Editor’s Note: The following is a guest post from ecologist Holly Copeland, a staff scientist with The Nature Conservancy. Copeland’s work focuses on mapping out wildlife migration corridors and other important natural areas and then forecasting how future development will impact the landscape.
PBS NATURE’s The Sagebrush Sea, is an exquisite film that offers an unprecedented glimpse into the complex and abundant life within the sage. With the region once again facing an uncertain future, awareness about the struggles around this vibrant ecosystem is paramount.
Nature documentaries are typically about rainforest, arctic, and savannah ecosystems–strangely sagebrush has been largely overlooked as an empty landscape between lush and beautiful mountain ranges. It’s a perception that couldn’t be further from the truth given that approximately 350 species depend on sagebrush.
Filmed largely in Wyoming where nearly 40% of the sage-grouse population resides, the documentary features showy displays of male grouse as they compete for females at communal breeding sites called leks, the trials of a hen raising a successful brood, migrating mule deer, and the rearing of a golden eagle chick.
This film comes at a crucial moment for our sagebrush heart of the West.
An ecological transformation has been taking place across Western sage for centuries. Since the 1800s, we brought cattle and machinery for ranching, farming, and mining. Through heavy, prolonged grazing and the introduction of non-native grasses, we altered the natural balance between sage and the native bunchgrass and plants and changed the natural fire cycle.
To satiate our thirst for energy, we mined coal and drilled and fractured rock thousands of feet beneath the earth for gas and oil. This energy is shipped out to populations reaching all the way out to our coasts. Flip on a light Watch the meter run anywhere in the United States and there is a reasonable likelihood that at least some of that electricity was produced in the West.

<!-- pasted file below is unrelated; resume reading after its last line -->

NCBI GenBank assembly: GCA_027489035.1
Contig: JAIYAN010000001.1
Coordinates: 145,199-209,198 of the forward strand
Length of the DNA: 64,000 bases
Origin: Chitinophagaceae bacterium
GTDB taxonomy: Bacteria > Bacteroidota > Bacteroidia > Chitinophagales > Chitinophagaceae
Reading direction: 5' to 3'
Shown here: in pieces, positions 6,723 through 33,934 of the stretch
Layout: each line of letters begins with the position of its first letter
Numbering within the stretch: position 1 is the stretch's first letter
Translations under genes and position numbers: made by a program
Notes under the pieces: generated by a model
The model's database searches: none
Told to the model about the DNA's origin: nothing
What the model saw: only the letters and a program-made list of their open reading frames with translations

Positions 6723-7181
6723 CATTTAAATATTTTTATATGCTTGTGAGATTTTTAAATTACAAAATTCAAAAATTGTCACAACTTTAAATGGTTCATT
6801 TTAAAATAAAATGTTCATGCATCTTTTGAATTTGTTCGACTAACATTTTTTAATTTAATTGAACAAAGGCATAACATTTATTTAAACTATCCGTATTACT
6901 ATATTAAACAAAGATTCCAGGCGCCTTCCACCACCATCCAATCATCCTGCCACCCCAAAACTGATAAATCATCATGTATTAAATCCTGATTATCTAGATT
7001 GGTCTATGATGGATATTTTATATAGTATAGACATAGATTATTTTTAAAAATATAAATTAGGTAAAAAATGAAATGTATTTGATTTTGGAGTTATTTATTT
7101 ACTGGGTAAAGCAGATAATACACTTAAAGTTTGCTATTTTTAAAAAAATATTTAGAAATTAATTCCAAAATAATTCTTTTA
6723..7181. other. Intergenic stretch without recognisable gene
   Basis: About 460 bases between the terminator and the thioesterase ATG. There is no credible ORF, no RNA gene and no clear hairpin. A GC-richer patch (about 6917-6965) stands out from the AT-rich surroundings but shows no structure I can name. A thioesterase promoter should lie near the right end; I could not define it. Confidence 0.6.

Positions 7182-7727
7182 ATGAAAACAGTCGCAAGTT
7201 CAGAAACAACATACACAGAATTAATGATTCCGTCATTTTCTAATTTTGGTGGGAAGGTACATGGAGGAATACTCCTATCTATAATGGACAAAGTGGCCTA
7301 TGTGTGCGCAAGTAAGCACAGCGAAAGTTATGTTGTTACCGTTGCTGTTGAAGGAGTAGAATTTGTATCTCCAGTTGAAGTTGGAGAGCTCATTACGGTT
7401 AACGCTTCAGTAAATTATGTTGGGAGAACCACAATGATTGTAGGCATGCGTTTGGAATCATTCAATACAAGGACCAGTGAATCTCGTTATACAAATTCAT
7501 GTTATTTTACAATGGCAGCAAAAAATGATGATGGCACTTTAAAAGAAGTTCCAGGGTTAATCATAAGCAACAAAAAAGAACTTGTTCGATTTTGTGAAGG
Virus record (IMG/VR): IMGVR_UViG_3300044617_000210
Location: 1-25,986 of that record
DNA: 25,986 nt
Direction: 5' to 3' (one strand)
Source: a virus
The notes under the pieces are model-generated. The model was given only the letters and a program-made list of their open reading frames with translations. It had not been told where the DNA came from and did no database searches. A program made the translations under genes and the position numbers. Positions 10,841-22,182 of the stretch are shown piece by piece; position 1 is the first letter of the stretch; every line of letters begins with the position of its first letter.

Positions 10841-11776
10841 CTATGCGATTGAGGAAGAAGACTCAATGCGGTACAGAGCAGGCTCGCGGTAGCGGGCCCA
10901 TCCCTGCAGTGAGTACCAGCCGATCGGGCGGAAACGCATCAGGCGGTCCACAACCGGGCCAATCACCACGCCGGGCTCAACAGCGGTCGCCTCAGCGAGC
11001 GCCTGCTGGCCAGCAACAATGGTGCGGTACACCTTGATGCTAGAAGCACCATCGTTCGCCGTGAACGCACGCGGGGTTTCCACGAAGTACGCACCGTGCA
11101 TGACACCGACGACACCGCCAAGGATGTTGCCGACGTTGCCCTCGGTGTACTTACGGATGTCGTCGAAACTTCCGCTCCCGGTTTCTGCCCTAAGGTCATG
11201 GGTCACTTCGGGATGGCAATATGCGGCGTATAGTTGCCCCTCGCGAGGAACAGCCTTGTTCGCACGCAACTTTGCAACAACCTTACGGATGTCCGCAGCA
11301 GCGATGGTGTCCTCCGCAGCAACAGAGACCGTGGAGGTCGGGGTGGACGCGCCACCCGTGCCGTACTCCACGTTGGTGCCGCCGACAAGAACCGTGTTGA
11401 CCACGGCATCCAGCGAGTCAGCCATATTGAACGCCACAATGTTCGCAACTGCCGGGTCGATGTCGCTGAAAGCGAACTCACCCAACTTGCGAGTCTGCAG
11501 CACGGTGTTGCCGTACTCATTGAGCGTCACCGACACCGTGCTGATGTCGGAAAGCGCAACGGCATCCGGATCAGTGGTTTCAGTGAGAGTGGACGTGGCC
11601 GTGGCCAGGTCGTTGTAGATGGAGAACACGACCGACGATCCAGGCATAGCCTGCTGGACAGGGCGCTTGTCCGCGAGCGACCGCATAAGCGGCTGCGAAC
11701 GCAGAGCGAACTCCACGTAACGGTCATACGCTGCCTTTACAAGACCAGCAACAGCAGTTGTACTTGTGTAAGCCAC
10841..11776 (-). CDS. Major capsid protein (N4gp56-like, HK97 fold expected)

While we all use energy, we also know its production has consequences. One of the unintended consequences has been a decline of native plants and animals in sagebrush ecosystems.
Sage-grouse, in particular, are dependent on sagebrush throughout their life cycle and thrive in large, unfragmented expanses of sagebrush. We know without question that grouse avoid habitats with increasing oil well density and associated roads, industrial activity, and are affected by increasing levels of noise.
Due to estimated range-wide declines of 60% (2% per year) since 1965, sage-grouse are now under consideration for listing under the Endangered Species Act. The potential listing decision has sparked a national debate on threatened species and how best to conserve them. Most states have crafted sage-grouse conservation strategies to prevent a listing.
While our collective effort to protect sage-grouse to date is laudable, millions of acres of sagebrush are already leased for oil and gas, and thus likely to see more fragmentation. And, while restoration efforts abound, restoration of sagebrush is extremely difficult, especially in the aridest regions. In some places, restoration may not really be possible at all.
On the flip side, hope for the sagebrush ecosystem is everywhere.
Teams working on restoration have made intriguing progress, such as in Douglas, Wyoming where thousands of sagebrush plants have been patiently grown in greenhouses and planted in an effort to restore lands from a wildfire.
Regional planning efforts are underway throughout sage-grouse range, and where implemented have resulted in commitments by industry to do more to mitigate their impacts and to improve range conditions.
Strategic efforts by the Sage-Grouse Initiative are working to restore juniper encroached areas, improve grazing practices and secure conservation easements to benefit both grouse and mule deer. All told, they’ve partnered with over one thousand ranchers and enhanced 4.4 million acres, an area that is twice the size of Yellowstone National Park.
And finally, there is the promise of distributed solar energy as a truly transformative technology that can shift our need away from large-scale industrial energy to rooftop systems that provide the energy we need without fragmenting and polluting our remaining intact lands and waters. Stories emerge daily about companies and families large and small, including my own, reaping the economic benefits of solar.
My great hope is that this film will elevate the national conversation about our sagebrush land and that better understanding will motivate the public and our leaders to conserve the remaining intact sagebrush and use the best science to manage grazing and to guide restoration efforts.
We have arrived at a profound moment in the era of Western conservation, a test of whether we truly have the willpower to preserve the remnants of our American natural heritage. It will require cooperation, meaningful and open dialogue, acting in good faith, and hard choices. We must resist pressure to ignore leading science when it is not convenient.
We are amidst a shift in consciousness, “the great turning,” as ecologist Joanna Macy calls it. A new generation is ready to meet these challenges with new tools and to do things differently than in the past. In that sense, the sage-grouse strutting in front of a well at the end of the film, if it knew, would have every reason to be hopeful for the future to come, as am I.
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